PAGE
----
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Woodland management for birds: Birds and woodlands in Wales

4 Planning woodland management

Priorities and considerations

The focus for management within any woodland will depend on many considerations. The process of planning management starts with establishing what the priorities are for the woodland and woodland owner. There are likely to be biodiversity, commercial, social, recreational and increasingly climatic considerations to be addressed. The focus here is management for priority birds and the key area and distribution maps presented in the species accounts in Part 3 should be used when identifying bird priorities. Essentially, good design should aim to achieve a full range of successional growth stages over time, and provide the requirements of target priority species.

One overarching consideration is to ensure the long-term viability of the woodland. One of the more difficult aspects of woodland management planning is the time span between establishment and maturity; it can be difficult to decide on immediate action when a woodland ecosystem can function over hundreds of years. Another fundamental consideration is that it may seldom be possible to provide all that is required continuously within a single woodland block. Providing for a species both spatially and temporally may well require a landscape-scale approach involving many woodland blocks.

An understanding of the distribution, quantity and quality of conservation features is necessary for good decision- making. As part of the UK Biodiversity Action Plan (UKBAP) process, priority woodland habitats have been identified (see Chapter 2) and management should aim to maintain or improve these habitats. Some woodlands will be designated as Sites of Special Scientific Interest (SSSI) or Special Areas of Conservation (SAC) and consent for any management will be required from the Countryside Council for Wales (CCW), involvement of CCW staff at an early stage is essential in such cases. The process of producing a woodland management plan allows the manager to

evaluate the resource, set and integrate objectives for biodiversity, economic and public benefit, and identify the methods of management to deliver these.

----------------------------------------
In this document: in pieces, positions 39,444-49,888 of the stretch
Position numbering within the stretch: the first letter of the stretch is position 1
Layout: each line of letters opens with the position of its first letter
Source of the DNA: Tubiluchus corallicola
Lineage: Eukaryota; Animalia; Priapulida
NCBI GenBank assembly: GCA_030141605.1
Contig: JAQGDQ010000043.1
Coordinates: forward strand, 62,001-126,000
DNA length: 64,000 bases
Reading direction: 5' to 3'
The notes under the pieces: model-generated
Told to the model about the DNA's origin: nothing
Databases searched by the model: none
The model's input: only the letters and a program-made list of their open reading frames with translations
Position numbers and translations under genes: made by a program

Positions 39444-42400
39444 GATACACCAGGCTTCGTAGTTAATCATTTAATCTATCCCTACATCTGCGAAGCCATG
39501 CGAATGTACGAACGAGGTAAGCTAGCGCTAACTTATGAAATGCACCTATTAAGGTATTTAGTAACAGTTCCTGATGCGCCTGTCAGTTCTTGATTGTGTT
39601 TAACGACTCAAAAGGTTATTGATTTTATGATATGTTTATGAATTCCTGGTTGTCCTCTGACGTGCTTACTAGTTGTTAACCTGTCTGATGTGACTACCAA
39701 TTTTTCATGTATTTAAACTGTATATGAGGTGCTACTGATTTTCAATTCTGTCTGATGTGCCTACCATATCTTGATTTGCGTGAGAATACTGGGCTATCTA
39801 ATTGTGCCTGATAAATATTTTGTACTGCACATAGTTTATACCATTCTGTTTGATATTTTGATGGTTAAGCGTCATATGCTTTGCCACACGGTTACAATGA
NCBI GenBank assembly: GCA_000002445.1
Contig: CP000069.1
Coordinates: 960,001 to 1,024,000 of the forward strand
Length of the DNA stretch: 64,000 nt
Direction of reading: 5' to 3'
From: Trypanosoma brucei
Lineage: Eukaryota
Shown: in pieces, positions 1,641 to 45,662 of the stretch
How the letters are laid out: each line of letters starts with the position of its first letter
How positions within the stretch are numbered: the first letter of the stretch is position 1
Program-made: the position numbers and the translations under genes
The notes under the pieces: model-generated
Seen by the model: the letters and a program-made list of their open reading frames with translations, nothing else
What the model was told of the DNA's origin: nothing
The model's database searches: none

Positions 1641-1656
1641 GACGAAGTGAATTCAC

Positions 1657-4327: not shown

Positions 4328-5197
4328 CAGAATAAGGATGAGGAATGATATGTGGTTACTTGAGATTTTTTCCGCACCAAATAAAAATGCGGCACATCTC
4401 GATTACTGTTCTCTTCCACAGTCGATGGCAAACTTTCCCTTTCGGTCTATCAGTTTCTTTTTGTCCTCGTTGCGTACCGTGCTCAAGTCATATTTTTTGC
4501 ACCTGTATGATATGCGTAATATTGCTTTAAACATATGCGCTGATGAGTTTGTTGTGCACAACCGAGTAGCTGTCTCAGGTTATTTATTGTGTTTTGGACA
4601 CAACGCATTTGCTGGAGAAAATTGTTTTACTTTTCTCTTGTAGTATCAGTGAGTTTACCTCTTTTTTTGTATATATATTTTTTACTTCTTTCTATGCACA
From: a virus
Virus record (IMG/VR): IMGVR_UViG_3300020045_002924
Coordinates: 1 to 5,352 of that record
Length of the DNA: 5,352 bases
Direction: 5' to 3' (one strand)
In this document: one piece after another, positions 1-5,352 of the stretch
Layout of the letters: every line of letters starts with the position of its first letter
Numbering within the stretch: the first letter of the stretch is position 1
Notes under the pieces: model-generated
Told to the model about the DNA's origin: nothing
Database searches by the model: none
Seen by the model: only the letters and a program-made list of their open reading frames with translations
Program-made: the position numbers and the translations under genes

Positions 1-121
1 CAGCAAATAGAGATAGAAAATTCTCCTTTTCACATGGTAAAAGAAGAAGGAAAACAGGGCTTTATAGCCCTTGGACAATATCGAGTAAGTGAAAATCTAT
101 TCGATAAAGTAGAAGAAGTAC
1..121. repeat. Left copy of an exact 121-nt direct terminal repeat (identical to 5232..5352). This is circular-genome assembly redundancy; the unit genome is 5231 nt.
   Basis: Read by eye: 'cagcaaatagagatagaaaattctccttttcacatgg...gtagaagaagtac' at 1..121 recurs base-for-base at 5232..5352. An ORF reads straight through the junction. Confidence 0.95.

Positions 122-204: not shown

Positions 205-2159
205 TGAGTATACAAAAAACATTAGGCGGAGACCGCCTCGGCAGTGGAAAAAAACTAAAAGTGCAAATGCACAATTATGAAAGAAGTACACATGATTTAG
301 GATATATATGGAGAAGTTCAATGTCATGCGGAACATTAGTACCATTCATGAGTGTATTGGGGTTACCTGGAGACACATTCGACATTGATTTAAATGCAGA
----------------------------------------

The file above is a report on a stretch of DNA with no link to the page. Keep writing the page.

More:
Woodland management plan production and operational guidance is covered in the UK Forestry Standard; The Government’s Approach to Sustainable Forestry (currently under revision) which sets out criteria and standards for the sustainable management of all forests and woodlands in the UK and the indicators by which these criteria can be assessed. Guidance is also provided by the United Kingdom Woodland Assurance Scheme (UKWAS) (see Appendix 2) and Better Woodlands for Wales5 (see Appendix 1), these should be referred to when producing a woodland management plan to ensure compatibility. The Forestry Commission Forests and Biodiversity Guidelines also provide essential information and further references. See www.forestry.gov.uk/wales.

5 www.forestry.gov.uk/forestry/infd-5z8jqk

A standard plan will include the following elements (UKWAS20066)

  • a long-term policy for the woodland

  • assessment of relevant aspects of the woodland resource

  • identification of any special characteristics and sensitivities of the woodland and appropriate treatments

  • set and prioritise objectives

  • rationale for management prescriptions

  • outline planned felling and regeneration over a 20-year period

  • rationale for the operational techniques to be used

  • plans for implementation, first five years in detail

  • appropriate maps

  • plans to monitor progress against objectives

  • specific measures to maintain or enhance biodiversity.

6 www.ukwas.org.uk/assets/documents/ UKWAS%20Second%20Edition%20Web.pdf


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